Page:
Sony may face long-term hacking issues for PS3
- Posted October 23rd, 2012 at 12:29 EDT by Timothy Nunes
Through all of the issues that Sony has had with hacking and its devices, it's been on top of hacks and manipulation of the PlayStation 3. The newest issue, however, looks to be much more problematic.
Through all of the hacking issues up to this point, Sony has been able to properly plug all of the holes in the system pretty effectively with the 3.60 firmware update. The Jailbreak exploit that used the USB drive to manipulate the PS3 was fixed, and Geohot was caught and penalized. The latest software manipulation, coined LV0, looks to have the ability to break into the PS3 much easier than previous exploits.
In the light of this custom firmware, the passphrase security protocol for the PlayStation Network was leaked, which allows hacked consoles full access to the PlayStation Network. The relevancy of this is tied to the fact that the LV0 custom firmware will be able to break through security protocols in the upcoming 4.30 update with a hefty workaround. Even though every PS3 requires a decryption of all firmware downloads, the LV0 firmware key reroutes that decryption process to a PC and allows any existing 3.55-firmware PS3 to still access and use the PlayStation Network. Since the PS3 slim launched with update 2.80, this is relevant for both the fat PS3 and the PS3 Slim.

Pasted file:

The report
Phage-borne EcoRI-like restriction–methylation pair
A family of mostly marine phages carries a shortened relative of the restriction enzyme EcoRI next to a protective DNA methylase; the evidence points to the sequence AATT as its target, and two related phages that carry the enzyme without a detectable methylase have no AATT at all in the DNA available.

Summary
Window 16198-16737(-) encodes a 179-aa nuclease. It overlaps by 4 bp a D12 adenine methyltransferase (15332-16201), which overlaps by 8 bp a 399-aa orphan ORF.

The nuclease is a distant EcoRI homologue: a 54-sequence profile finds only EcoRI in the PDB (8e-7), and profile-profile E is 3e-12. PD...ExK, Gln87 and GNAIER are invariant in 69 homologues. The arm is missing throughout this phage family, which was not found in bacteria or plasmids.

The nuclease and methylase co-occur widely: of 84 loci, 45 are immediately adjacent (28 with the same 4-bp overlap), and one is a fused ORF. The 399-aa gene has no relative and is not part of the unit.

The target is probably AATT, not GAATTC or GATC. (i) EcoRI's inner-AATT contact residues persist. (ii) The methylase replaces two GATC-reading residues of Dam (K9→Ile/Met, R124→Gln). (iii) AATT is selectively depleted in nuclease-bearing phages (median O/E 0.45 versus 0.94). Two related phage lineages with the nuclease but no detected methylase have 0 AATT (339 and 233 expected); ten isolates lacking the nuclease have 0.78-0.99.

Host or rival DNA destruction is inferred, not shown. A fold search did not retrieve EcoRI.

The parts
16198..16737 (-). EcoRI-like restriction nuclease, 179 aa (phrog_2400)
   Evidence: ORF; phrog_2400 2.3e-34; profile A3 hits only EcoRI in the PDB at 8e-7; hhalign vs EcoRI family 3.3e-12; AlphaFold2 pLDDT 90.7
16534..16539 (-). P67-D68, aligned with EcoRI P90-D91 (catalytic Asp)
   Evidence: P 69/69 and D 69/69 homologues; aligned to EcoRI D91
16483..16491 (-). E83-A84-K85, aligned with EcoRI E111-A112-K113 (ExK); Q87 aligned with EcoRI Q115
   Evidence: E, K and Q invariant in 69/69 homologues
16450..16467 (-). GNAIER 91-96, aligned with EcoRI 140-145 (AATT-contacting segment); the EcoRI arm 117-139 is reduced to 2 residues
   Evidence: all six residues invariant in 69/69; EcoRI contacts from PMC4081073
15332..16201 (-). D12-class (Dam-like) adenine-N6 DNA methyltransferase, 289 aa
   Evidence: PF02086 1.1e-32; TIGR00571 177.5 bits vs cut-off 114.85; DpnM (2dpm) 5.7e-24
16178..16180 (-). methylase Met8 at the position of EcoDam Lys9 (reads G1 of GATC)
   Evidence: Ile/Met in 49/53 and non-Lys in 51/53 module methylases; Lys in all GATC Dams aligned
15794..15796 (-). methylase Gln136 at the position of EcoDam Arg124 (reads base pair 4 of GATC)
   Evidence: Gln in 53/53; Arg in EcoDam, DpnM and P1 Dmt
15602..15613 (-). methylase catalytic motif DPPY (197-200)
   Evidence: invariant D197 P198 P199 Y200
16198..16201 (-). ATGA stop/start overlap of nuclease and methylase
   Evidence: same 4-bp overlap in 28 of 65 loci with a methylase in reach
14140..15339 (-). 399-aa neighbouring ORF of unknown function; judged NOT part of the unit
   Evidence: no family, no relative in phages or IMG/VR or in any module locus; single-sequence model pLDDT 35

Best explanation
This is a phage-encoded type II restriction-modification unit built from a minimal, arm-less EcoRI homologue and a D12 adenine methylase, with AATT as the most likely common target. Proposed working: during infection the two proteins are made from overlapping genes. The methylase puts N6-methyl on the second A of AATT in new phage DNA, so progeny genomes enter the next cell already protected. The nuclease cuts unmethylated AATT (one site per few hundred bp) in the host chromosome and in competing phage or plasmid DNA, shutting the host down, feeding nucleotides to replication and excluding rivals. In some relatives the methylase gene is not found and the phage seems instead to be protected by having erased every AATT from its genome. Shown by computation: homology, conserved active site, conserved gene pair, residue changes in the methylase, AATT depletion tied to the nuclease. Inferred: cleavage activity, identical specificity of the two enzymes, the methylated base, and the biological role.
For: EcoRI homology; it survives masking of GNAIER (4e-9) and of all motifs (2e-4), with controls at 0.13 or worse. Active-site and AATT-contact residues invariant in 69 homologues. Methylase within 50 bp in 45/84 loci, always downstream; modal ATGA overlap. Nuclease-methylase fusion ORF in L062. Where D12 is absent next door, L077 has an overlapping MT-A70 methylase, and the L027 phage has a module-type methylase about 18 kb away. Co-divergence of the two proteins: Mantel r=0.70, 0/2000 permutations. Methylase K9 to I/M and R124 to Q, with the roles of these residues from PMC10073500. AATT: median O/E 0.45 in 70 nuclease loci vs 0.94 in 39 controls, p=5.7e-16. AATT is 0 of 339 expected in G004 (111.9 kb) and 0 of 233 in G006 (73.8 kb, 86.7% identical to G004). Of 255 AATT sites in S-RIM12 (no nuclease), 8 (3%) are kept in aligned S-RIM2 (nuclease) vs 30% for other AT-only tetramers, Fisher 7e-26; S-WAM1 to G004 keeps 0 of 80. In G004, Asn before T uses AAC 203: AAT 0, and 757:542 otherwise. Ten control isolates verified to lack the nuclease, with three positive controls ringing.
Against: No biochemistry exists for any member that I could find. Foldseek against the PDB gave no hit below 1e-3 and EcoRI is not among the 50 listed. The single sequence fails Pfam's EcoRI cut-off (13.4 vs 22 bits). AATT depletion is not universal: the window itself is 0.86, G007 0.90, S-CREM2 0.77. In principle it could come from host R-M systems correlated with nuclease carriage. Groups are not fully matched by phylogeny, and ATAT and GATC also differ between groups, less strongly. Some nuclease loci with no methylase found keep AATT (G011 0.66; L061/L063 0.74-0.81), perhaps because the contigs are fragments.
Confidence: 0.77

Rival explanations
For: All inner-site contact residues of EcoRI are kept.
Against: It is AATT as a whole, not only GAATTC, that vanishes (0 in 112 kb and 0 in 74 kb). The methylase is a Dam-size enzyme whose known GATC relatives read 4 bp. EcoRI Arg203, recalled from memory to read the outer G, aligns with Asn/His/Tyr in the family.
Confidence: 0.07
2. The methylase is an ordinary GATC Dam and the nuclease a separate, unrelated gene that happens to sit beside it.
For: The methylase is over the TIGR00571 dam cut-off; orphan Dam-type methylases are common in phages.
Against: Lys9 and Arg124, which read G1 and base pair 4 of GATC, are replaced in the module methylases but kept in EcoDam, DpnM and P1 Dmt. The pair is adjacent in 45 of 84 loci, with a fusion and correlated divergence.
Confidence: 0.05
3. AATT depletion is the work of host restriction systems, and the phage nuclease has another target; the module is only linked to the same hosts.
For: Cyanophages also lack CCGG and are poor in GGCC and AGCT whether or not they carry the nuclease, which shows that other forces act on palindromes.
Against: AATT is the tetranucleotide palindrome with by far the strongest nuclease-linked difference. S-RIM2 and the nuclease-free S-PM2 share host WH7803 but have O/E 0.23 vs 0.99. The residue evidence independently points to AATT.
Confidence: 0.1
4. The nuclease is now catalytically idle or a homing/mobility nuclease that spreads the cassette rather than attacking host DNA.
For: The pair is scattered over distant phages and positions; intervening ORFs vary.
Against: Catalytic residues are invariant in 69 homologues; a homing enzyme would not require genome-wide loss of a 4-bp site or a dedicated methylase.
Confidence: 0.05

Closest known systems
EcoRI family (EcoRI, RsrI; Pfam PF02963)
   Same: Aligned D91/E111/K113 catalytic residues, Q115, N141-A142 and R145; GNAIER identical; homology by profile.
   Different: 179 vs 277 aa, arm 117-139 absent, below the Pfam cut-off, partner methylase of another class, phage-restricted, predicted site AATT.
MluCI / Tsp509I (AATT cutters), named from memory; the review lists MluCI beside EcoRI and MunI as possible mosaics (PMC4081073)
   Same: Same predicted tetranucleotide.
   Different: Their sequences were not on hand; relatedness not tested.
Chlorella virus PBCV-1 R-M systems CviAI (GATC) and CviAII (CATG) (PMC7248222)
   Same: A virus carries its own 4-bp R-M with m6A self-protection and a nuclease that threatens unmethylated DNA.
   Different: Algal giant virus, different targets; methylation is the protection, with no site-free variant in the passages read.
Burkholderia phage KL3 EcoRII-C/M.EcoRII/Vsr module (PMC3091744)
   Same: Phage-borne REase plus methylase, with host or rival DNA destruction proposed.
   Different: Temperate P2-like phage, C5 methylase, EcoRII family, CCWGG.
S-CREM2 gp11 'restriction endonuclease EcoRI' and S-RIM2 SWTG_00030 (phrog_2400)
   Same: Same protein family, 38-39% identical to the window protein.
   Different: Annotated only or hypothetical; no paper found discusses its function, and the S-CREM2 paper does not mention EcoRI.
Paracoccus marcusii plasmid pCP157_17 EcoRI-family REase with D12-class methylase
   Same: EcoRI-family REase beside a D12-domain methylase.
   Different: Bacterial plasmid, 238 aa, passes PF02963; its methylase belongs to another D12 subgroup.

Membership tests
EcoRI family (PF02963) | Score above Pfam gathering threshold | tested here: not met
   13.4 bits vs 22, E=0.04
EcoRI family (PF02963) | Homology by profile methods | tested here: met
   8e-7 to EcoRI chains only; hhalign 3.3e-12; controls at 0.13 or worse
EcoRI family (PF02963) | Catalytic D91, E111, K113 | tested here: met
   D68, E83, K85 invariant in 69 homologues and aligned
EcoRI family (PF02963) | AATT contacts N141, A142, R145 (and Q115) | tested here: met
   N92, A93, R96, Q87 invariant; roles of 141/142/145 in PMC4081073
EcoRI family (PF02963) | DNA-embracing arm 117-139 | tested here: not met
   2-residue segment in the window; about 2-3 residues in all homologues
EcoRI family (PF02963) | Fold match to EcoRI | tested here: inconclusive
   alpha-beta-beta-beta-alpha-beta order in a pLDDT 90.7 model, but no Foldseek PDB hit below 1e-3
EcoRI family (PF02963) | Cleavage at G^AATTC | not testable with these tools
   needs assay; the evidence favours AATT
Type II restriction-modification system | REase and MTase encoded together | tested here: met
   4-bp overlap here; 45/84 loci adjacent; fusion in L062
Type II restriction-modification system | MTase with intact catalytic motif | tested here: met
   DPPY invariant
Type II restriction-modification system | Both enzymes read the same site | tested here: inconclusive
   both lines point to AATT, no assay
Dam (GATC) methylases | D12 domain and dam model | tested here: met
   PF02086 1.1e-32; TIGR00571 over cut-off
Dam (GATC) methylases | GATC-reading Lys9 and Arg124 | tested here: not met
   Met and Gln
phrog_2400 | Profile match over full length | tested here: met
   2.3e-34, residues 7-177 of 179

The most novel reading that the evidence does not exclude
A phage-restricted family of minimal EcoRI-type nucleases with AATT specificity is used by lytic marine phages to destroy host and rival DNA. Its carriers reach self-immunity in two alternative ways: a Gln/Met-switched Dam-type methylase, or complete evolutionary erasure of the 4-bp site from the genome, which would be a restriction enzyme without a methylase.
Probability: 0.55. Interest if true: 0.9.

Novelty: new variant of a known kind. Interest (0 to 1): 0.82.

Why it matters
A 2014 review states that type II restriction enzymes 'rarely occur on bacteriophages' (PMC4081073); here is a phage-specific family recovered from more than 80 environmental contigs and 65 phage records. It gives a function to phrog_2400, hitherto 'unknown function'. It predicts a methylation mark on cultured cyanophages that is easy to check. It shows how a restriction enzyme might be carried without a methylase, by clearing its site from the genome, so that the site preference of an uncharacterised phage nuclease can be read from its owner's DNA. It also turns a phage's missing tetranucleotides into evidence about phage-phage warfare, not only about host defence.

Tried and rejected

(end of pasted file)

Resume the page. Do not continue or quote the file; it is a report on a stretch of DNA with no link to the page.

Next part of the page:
It should be noted that LV0 was only released because the master key, LV0, was created by a group called "The Three Tuskateers," and the key was leaked onto the internet and the group had no intention of distributing the exploitation. However, the leak ended up in the hands of a Chinese hacking team called "BlueDiscCFW," who planned to charge money for users who wanted the exploit. So, in hopes of stopping BlueDiscCFW's profitting from LV0, The Three Tuskateers released the LV0 custom firmware free to the public. The Three Tuskateers had this to say:
"You can be sure that if it wouldn't have been for this leak, this key would never have seen the light of day, only the fear of our work being used by others to make money out of it has forced us to release this now."
Hopefully, with Sony's upcoming official 4.30 firmware, it has found a way to block off the exploit.